OGC's property and construction experts are heavily involved in providing guidance for the public sector on achieving excellence in construction and have produced a publication, Achieving Sustainability in Construction Procurement. The Achieving Excellence in Construction Initiative was launched in March 1999 by the chief secretary to the Treasury, to improve the performance of central government departments, executive agencies and non-departmental public bodies as clients of the construction industry. It put in place a strategy for sustained improvement in construction procurement performance and in the value for money achieved by government on construction projects, including those involving maintenance and refurbishment.

New guidance notes are due to be published shortly, which will appear on the OGC website. Achieving Excellence in Construction Procurement Guide 11: Sustainability AE11 seeks to increase the understanding of sustainable construction issues for public sector procurers and provides them with a structured approach to the procurement and delivery of projects that deliver sustainable construction. The guide will lead the government client through the construction project lifecycle, identifying sustainable considerations at each of the key decision making stages and will include advice on monitoring and assessing both targets and projects.

Identifying and accessing green products

Meanwhile, OGC's executive agency, OGCbuying.solutions, has been working on practical measures to make it easier for public sector buyers to identify and access green and innovative products at attractive and competitive prices. The Quick Wins list of energy efficient products mentioned in the Energy White Paper can be sourced through OGCbuying.solutions pre-tendered framework agreements by anyone in the public sector. The Agency has also played a leading part in implementing the government's procurement policies on green electricity and sustainable timber. OGCbuying.solutions welcomes any suggestions on how they should develop this service to customers further, and in particular how the website can be developed.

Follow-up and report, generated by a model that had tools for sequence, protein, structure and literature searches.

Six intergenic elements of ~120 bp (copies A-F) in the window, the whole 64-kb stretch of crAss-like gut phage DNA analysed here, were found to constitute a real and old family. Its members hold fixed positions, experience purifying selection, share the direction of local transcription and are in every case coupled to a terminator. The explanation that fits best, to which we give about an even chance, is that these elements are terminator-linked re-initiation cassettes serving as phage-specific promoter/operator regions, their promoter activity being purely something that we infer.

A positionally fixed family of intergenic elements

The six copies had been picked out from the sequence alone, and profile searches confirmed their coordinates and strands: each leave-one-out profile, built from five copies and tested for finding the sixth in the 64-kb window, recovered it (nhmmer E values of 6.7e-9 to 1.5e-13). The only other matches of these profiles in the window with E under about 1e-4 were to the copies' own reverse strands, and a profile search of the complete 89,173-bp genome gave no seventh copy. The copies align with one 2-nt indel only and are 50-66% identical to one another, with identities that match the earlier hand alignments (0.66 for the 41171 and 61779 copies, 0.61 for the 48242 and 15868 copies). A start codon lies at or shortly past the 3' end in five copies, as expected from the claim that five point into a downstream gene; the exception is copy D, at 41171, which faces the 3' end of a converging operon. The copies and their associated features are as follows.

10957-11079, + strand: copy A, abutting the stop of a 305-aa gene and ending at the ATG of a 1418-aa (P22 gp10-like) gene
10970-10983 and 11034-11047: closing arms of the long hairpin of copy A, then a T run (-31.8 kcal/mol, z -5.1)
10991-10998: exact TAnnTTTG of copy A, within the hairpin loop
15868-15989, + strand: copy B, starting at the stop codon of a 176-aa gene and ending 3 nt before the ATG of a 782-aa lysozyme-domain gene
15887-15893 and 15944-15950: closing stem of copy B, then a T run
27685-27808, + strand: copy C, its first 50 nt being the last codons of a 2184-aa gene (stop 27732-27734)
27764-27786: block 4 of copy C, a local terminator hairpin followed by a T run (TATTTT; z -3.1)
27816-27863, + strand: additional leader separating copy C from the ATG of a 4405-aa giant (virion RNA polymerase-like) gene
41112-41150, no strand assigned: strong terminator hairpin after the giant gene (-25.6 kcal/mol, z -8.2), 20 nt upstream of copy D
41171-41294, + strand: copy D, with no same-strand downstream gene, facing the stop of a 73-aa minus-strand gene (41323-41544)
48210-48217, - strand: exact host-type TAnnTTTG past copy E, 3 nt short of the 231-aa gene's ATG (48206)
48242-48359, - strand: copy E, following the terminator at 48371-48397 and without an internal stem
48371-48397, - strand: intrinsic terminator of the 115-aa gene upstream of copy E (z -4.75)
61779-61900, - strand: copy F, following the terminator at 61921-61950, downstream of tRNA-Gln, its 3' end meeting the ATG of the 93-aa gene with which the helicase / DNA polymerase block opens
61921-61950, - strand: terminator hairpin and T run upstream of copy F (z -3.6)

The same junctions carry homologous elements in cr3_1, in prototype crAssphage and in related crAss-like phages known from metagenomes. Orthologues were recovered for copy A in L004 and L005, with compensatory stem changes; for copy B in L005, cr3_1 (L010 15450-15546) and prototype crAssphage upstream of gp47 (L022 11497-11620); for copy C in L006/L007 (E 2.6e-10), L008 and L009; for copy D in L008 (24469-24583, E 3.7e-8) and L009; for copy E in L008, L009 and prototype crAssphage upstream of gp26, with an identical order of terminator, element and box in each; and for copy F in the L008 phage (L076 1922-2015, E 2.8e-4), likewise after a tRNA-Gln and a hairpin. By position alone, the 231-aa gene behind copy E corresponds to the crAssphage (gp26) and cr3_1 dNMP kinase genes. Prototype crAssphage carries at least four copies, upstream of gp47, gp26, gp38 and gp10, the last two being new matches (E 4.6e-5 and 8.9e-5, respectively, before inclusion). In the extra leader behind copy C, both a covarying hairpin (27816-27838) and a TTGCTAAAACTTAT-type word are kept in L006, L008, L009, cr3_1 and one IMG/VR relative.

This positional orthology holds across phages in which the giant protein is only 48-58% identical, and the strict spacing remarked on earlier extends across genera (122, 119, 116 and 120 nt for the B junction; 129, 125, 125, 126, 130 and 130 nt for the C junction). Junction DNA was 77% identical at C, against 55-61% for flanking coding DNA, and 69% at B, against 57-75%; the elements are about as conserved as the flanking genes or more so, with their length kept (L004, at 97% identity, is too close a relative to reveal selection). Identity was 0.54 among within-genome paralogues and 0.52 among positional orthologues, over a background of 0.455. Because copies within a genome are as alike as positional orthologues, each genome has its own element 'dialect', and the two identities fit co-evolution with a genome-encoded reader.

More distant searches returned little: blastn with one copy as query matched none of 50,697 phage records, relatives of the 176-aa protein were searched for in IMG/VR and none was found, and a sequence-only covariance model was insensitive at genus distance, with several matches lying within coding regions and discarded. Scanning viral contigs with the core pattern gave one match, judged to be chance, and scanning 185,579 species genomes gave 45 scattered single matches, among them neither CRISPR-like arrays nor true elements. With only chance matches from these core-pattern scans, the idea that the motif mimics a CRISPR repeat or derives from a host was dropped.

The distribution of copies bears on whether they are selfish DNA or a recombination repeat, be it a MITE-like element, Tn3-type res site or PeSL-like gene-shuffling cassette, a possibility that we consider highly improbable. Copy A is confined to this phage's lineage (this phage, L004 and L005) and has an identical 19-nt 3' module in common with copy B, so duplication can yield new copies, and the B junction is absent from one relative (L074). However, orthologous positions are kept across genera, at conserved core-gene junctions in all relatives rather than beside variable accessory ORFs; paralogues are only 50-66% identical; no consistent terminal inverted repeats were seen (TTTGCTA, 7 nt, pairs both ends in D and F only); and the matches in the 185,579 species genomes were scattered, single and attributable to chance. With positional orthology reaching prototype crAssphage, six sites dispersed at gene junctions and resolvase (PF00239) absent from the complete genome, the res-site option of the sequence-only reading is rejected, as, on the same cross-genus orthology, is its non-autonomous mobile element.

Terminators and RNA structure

Pursuing whole life costing

The single most important thing which buyers can do is to ensure that they genuinely pursue whole life costing when assessing purchase options. This will ensure that not only initial purchase price but also cost of use (for example energy consumption) durability and cost of disposal are fully taken into account. Experience shows that the business case for the environmentally friendly option can often be easily made.

As well as the factors relevant to the product itself, think about the internal costs of ownership. For example, many solvent-based paints are classed as hazardous materials, and need to be tracked and documented at considerable administrative expense.

Spreading the word

Many things are changing in public sector procurement. Spending on recycled goods has risen sharply in London - and two thirds of this is due to public sector organisations. Of course there are barriers. The greatest of these is probably simply ignorance. There are many thousands of buying organisations in the public sector, and most of these have more than one buyer!

So spreading the word is not straightforward. Many people still have not understood that sustainable development is no longer a fringe interest but a major government policy. Change in procurement practice comes not just from procurement people talking to each other, but from a wider recognition among specifiers and users of bought-in goods and services that the sustainability implications need to be taken seriously.